A. Leavy (#V40054)

         In his declaration, Plaintiff states that on December 3, 2014, IM Leavy #V40054 was housed on Facility 3A in CSP-Cor. (Doc. 58, ¶ 5.) Plaintiff attests that IM Leavy told Plaintiff that he witnessed Defendants Johnson and Martinez assault Plaintiff in front of the Facility 3A Program Office. (Id., ¶7.) Plaintiff also states that IM Leavy occupied a stand-alone yard cage adjacent to the one in which Plaintiff was placed after the assault. At that time, Plaintiff asserts that IM Leavy said he observed the assault (Id., ¶¶ 8-9) and was willing to testify. (Id. at ¶ 10) At first glance, this generally appears to meet the burden as the moving party to justify transportation of IM Leavy #V40054 to testify on Plaintiff's behalf.

         However, Plaintiff's declaration does not show the proximity of IM Leavy's presence on the Facility 3A yard that allowed him to see Plaintiff being attacked in front of the Program Office. Nor does Plaintiff provide any information regarding the view of the front of the Program Office from the stand-alone yard cages for the Court to find that IM Leavy's presence in a cage adjacent to the one Plaintiff was placed in after the alleged attack necessarily allowed him to be a percipient witness.

         Even still, Defendants' opposition shows that there is no CDCR inmate with the surname “Leavy” and CDCR number “V40054.” (Doc. 66.) Rather, the CDCR Inmate Locator shows that CDCR number “V40054” is assigned to another inmate with a name that is not remotely similar. In addition, neither of the two CDCR inmates[1] with the surname “Leavy” are housed at CSP-Cor. Hence, the Court finds there is no IM “Leavy, #V40054” whose presence will substantially further resolution of the case. Wiggins, 717 F.2d at 468. Plaintiff fails to show that IM “Leavy, #V40054” has actual knowledge of relevant facts to warrant transportation for his testimony in the trial of this action. More important, he fails to provide sufficient information for this Court to order the inmate transported. Thus, the motion in this regard is DENIED.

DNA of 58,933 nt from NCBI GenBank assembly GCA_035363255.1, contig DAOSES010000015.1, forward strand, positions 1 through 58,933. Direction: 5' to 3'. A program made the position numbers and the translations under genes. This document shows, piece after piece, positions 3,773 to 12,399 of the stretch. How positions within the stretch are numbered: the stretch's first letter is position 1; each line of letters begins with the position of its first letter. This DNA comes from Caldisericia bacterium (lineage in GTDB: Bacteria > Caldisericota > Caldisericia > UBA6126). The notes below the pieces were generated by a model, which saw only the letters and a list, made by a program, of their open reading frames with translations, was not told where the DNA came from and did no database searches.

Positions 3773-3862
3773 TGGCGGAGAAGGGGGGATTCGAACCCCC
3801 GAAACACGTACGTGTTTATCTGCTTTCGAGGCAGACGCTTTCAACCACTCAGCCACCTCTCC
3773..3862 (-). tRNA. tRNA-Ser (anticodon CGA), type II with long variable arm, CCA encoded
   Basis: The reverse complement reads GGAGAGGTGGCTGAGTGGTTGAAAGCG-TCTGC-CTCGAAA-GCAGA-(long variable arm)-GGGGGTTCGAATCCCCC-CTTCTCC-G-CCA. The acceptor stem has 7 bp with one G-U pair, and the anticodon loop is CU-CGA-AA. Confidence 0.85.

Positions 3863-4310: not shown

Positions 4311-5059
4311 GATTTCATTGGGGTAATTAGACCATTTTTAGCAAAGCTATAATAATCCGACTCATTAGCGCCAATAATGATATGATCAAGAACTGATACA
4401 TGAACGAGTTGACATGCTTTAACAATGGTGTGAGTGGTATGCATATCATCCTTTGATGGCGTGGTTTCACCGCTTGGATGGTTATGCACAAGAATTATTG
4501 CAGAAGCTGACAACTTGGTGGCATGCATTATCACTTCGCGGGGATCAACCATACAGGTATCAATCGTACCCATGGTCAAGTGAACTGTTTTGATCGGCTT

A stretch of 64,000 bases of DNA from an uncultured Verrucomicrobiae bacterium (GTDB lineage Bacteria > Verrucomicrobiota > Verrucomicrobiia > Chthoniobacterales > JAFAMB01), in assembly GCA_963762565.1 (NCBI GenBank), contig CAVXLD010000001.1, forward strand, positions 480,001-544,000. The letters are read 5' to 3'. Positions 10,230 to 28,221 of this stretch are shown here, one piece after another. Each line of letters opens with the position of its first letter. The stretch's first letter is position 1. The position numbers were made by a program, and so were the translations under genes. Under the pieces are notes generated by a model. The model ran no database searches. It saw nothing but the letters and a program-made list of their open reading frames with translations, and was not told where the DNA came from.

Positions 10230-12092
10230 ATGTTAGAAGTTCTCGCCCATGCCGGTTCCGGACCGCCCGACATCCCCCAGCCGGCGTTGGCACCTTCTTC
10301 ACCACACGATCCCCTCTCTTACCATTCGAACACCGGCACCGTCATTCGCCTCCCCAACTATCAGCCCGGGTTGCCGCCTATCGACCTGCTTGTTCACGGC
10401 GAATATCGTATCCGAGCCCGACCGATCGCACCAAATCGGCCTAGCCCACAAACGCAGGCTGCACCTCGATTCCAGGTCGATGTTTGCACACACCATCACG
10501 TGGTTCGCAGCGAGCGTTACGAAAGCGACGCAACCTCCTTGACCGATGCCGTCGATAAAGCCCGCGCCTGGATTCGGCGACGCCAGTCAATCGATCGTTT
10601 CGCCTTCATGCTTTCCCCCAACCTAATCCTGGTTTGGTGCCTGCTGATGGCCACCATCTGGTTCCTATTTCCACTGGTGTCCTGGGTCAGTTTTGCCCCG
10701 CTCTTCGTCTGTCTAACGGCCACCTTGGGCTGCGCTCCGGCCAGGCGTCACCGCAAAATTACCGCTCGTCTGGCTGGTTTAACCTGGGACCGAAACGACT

B. Cage (#AA9208)

         In his declaration, Plaintiff states that on December 3, 2014, IM Cage #AA9208 was housed on Facility 3A in CSP-Cor. (Doc. 58, ¶ 4.) Plaintiff attests that IM Cage told Plaintiff that he witnessed Defendants Johnson and Martinez assault Plaintiff in front of the Facility 3A Program Office. (Id., ¶6.) Plaintiff makes the same assertions about IM Cage as he did about IM Laevy. (Id., ¶¶ 8-10).

         Once again, Plaintiff's declaration does not show the proximity of IM Cage's presence on the Facility 3A yard that allowed him to see Plaintiff being attacked in front of the Program Office. Nor does Plaintiff provide statements regarding the view of the front of the Program Office from the stand-alone yard cages for the Court to find that IM Cage's presence in a cage adjacent to the one Plaintiff was placed in after the alleged attack necessarily allowed IM Cage to be a percipient witness. However, Plaintiff submitted a copy of a document titled “Summary of statements made by witnesses, ” purportedly produced in discovery, in which the inmate witness names have been redacted. (Doc. 58, p. 5.) While the first inmate witness had no knowledge of Plaintiff or the incident, the second inmate ...